He threw a legendary tirade during the 1971 Michigan game, destroying the sideline down markers. He shoved news photographers out of his way. His own players and coaches knew to watch out for his bursts of anger and intensity.
"Everybody who played for Ohio State probably got slugged in the stomach or slapped by Coach Hayes," Savoca said. "It was the era. We would joke about it and say, 'Circle right to get away from that left hook.'"
"I think if you spent four years at Ohio State and Woody didn't hit you, you felt cheated," said Glen Mason, who was Hayes' first-year offensive line coach in 1978. "Most times, he was hitting guys in the shoulder pads with his bare hands. He probably hurt himself more than anything."
Yet the Buckeyes still couldn't quite believe what they saw that Dec. 29 night in Jacksonville against Clemson.
"He didn't hurt Charlie," Cousineau said. "It was like a mosquito. But it was the intent. You couldn't cross that line. It's different when you kick a sideline marker or push a cameraman. We expected him to be that animated with us, but never with the opponent."
Immediately following the game, the Ohio State locker room was so quiet that it was "kind of eerie," Mason said. The assistants stood in a hallway as Hayes and athletic director Hugh Hindman met in the small coaches' office. When Hindman walked out, Mason recalled, he paused and said calmly to the assistants, "Expect the worst."
The next day, the team traveled to the Jacksonville airport without Hayes, which was unusual because "we never went any place without Woody," Mason said. Hayes was driven to the team plane by Florida state troopers. While the team was in the air on the way to Columbus, Hindman announced that Hayes had been fired.
When the Buckeyes landed, TV trucks filled the tarmac. Hayes got on the plane's loudspeaker and told his players to drive home carefully and be ready to return to school on Monday. Finally, he added, "I'm no longer the head football coach at Ohio State."
Cousineau had left the stadium that night in his uniform, pausing only to grab a duffel bag out of the locker room. He flew to Hawaii early the following day to play in the Hula Bowl and didn't know the magnitude of what had happened until he landed in Honolulu and was greeted by reporters.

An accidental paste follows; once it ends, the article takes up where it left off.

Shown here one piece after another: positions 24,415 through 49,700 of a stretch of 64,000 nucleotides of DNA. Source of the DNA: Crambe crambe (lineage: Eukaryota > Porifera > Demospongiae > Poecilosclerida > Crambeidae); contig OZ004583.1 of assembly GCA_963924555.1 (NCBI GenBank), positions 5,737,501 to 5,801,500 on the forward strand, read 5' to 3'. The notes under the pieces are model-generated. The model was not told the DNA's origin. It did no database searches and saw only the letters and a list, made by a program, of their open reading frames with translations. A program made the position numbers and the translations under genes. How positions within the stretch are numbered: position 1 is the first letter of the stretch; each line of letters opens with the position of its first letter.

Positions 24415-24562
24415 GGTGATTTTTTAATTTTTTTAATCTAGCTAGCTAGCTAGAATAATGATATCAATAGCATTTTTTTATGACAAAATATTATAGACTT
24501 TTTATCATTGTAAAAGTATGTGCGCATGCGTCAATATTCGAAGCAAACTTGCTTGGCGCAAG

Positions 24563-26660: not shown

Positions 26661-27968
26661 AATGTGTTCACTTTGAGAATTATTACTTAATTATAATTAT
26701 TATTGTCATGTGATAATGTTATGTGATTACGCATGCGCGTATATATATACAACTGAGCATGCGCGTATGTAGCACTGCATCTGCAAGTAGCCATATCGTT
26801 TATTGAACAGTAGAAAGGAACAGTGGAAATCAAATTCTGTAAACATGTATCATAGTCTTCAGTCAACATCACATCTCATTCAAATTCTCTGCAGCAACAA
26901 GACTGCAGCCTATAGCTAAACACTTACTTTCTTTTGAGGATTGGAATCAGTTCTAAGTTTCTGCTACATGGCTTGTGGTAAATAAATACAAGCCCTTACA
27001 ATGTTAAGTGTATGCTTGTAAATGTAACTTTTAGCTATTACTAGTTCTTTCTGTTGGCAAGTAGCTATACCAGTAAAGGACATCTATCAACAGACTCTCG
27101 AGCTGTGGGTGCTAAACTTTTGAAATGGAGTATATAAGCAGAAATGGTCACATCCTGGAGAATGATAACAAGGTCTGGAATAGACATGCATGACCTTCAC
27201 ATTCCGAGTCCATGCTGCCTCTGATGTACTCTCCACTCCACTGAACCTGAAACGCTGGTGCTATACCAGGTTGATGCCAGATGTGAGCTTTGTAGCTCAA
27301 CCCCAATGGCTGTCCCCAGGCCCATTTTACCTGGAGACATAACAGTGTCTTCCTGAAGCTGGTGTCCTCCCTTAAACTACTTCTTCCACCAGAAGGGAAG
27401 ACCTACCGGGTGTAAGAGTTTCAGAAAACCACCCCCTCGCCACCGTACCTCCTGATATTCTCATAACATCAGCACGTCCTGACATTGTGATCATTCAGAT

"When I hit the ground, I was like the main feature," he said. "I remember being very, very sad that it would end that way for a great coach and a great person."
'He didn't hurt me or anything'
Bauman never wanted the notoriety that he unwittingly achieved and has rarely talked about the punch. He declined all interview requests this month through the Clemson sports information department, and attempts by ESPN.com to reach him were unsuccessful. Bauman's last known interview came in 2008 for a Florida Times-Union story on the game's 30th anniversary.
"I don't have anything bad to say about coach Hayes," Bauman told the Times-Union. "He made a mistake. We all make mistakes. I mean, he didn't hurt me or anything."
Ford said Hayes called him the Sunday after the Gator Bowl to ask for Bauman's phone number. Bauman acknowledged in a 2003 interview with Orange and White Illustrated that he spoke with Hayes shortly after the game. Hayes didn't apologize, but the two had a respectful conversation, Bauman told the publication.
If he has any hard feelings about Hayes or Ohio State, Bauman has chosen an odd way to show it. The New Jersey native lives outside of Cincinnati and said in that 2003 interview that he often attended Buckeyes home football games.
"I'm real proud of Charlie," Ford said. "He doesn't like to talk about it. It took a lot for a man like that to never say anything."
A few weeks after the game, Fuller and Tigers star receiver Jerry Butler were among several players honored at a banquet by the Columbus Touchdown Club. Hayes attended the event. Fuller said no one at the banquet ever mentioned the punch.